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A chord: the briefest, most minimal spacing of the elements of the chord: two sided: statement, gound, foundation (like “call”); then response (answer): harmony coexisting as melody …
Then a punctuation:
Uh, that was more than one voice, a chorus. at least a couple of females.
Attack! a street cry!
|Wha’ choo wan’ …|
Jesus, that voice! The utterance is so sharp, so abbreviated, the timber unique, arresting: fragments of notes, fragments of beats … But what is it saying? Is it a known language? Could it be English?
Oh, oh, I know: it’s black English! The language as foisted onto, then adopted by, slaves, oral illiteracy (the slaves then freed!)
Wait, I can even guess that it’s saying something:
|What you want,
Baby, I got!
Yes, that’s got to be it. But listen to that order of the sense: Not, “Hello, how are you. I have what you want: I’m a seller, are you a buyer?”
No: What you want,
Baby, I got!
The crio of market efficiency. (I used to hawk hotdogs in that humor.)
Meantime, the chording is setting a firm harmonic structure (in two parts, foundation, attic), the chorus sets off the solo voice like a good setting for a diamond. The chord, the verticality, horizontal over time, shares the stage with the chorus: three voices: 1) instruments (whichever ones in whatever number: minimalist though), 2) choral voices: female, two at least (here the response precedes the call), 3) that voice! that solo! that attacking, stocato, turning English inside out and sideways:
|What you want,
Baby, I got!
Wha’ choo need,
You know I got it!
It’s as simple as a tinker toy: at the same time it’s a cathedral. Some woman is declaring her femaleness to a particular male (you, me, everyone), declaring her terms. But all that, the terms, is lawyer’s nonsense: the fundamental fact is: she’s wafting the scent of her womb at a male she’ll soon have as helpless as a black window holds her minuscule seducer.
Jeez, I’m listening to it, over and over. I slighted in in the 1960s (I was slighted in the 1940s, 1950s … ); now I’m gorging, ODing.
I remember the Blue Brothers. Aretha sang Think. (Aretha goes well with comedy: Belushi, Richard Pryor …)
OK, now I’m writing this, proofing this, listening to Respect over and over, thank you Spotify, and a lyric stops me dead in my tracks:
I’m about to give you
All my money …
American music: blues was in the field, jazz came from the whore houses. Jazz was fuck music. The professor played the fuck music on the piano while the paying customer was entertained in one of the rooms. There were peep holes so the professor knew how and when to goose the jazz.
Frankie and Johnnie! The whore has a lover, an unemployed, unemployable black male. The whole culture, the state, its laws, conspired to keep that black male unemployed. So: if the whore wanted her beaux to wear shoes, she had to buy them, if she wanted him to eat beef, she had to buy, and cook, the steak.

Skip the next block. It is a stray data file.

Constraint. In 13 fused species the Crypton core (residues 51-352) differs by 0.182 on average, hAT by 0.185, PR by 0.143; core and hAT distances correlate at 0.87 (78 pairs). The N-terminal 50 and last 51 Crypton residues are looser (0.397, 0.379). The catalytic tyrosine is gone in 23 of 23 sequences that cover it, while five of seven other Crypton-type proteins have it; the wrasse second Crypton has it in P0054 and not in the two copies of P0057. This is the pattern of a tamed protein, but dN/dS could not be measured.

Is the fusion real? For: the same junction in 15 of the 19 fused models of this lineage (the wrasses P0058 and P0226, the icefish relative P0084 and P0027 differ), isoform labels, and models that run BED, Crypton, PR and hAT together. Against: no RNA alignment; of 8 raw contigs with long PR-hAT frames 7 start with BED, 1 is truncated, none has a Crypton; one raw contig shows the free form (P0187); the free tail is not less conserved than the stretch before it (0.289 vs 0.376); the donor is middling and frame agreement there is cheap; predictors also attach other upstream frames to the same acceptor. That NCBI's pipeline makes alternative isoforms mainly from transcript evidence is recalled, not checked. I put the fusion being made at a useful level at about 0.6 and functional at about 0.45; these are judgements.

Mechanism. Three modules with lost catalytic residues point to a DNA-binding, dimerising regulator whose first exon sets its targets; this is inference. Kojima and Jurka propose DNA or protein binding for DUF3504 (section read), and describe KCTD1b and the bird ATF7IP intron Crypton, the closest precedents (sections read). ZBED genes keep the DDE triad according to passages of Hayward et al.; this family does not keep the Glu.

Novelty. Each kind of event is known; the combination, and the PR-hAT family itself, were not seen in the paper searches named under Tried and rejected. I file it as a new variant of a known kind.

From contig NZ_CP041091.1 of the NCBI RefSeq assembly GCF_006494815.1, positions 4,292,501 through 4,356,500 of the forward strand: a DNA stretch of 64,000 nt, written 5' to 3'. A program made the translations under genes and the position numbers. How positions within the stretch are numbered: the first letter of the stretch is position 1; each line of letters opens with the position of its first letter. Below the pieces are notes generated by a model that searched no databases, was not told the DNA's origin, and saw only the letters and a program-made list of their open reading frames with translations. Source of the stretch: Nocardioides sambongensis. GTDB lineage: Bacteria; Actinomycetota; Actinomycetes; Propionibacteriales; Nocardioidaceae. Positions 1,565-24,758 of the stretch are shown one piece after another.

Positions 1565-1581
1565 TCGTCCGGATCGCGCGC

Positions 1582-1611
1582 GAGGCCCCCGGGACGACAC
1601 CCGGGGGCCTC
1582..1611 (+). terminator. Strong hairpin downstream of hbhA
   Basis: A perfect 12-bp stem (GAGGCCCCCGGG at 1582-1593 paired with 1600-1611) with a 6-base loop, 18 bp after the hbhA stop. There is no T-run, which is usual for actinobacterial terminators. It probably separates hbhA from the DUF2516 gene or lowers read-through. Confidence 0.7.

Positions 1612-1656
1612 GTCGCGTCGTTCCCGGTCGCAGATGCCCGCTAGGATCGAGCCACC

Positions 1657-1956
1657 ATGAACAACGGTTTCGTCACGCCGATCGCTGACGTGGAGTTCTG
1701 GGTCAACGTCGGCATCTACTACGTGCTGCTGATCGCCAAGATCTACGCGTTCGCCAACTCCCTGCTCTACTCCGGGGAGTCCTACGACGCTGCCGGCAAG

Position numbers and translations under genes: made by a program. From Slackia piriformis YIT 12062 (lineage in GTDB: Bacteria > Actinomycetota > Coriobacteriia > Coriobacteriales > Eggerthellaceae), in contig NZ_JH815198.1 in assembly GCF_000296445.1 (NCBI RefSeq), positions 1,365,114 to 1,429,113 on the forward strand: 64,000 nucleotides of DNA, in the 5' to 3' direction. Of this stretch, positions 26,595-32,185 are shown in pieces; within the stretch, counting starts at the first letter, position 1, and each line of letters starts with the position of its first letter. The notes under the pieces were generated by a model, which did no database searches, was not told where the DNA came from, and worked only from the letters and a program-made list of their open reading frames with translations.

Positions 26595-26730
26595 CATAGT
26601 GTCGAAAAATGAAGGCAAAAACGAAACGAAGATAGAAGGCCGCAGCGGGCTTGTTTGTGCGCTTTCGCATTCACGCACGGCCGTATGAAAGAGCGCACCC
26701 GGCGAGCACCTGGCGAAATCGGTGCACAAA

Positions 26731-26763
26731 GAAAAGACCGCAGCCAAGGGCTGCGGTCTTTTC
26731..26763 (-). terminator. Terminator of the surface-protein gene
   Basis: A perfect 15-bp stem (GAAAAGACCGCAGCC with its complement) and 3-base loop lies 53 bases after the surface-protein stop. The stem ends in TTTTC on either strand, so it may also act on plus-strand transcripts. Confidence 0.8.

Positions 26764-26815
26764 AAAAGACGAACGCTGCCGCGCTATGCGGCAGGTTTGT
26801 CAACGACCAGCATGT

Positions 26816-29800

And remember, rather, realize: the whore did not choose her profession; her profession was chosen for her, just as the unemployed black male’s unemployment was chosen for him. Henry Ford joked, “You can have any color you want, so long as it’s black.” Well, a black woman could have any profession she wanted, so long as it involved lying on her back with her legs open.
Look at all these NCAA and NBA basketball players, raised by their mothers. Here and there is a Kobe Bryant, with a father in the picture; but all over, everywhere, there are welfare mothers: baby after baby: fathers no where to be found. Thanks, Mom.
Aretha’s got her eye on some male, and she’s about to give him all her money. Oh, God help us all.
You know, when the female tyrannosaur wants you to mate her, hold still, cooperate, or she’ll rip it all off.
I string stuff that a rewrite might weave:
Notice that what the singer is offering the Baby is attached to a demand on her part: it’s a pre-nuptial agreement! with her the lawyer and judge. But him free to cheat, steal, renege.
The solo addresses the lover as baby. Common in English, particularly in black English. The ambiguities, multiple meanings, could be developed endlessly.
i’ll be back to do some
Next session I’ll add something about “soul” too, Aretha, Queen of Soul. And blues: Dinah, Queen of Blues … and the Christian lover of Bach’s embarrassment at hearing “soul” in black English …
2014 05 14 I sure love Aretha Franklin, but understand: my admiration is compromised: she’s a great pop singer, a great R&B singer; but I’m a jazz fan: and a Bach fan (and Handel, Mozart, etc.)
Aretha’s chorus, the Hoo girls, are homogenized: it’s not an accident that we can’t say Oh, that’s Betty and that’s Jean, there are two of them … And in the orchestra, that’s Jimmie on brass and Ralph on reeds, and Sam at the keyboard … In jazz I like to be able to name every member of the band, just by listening. No one but Lester sounded like Lester. Ben, Sonny, Flip … Stan … every voice was unique. Here Aretha is unique, she’s an individual, unique through all time; but she sings against a Communist background, a collective. Aretha is black black; the others are vanilla black, white bread black.
Pop crap, R&B, written for, produced for, profited by, the blacks who’d already had their culture stolen as well as their forebears enslaved. We had jazz. I stood up for it. I got knocked down for standing up for it. The mass audience got this pabulum instead. They deserve to lose the jazz.
I don’t deserve it; but the world does deserve it: to lose.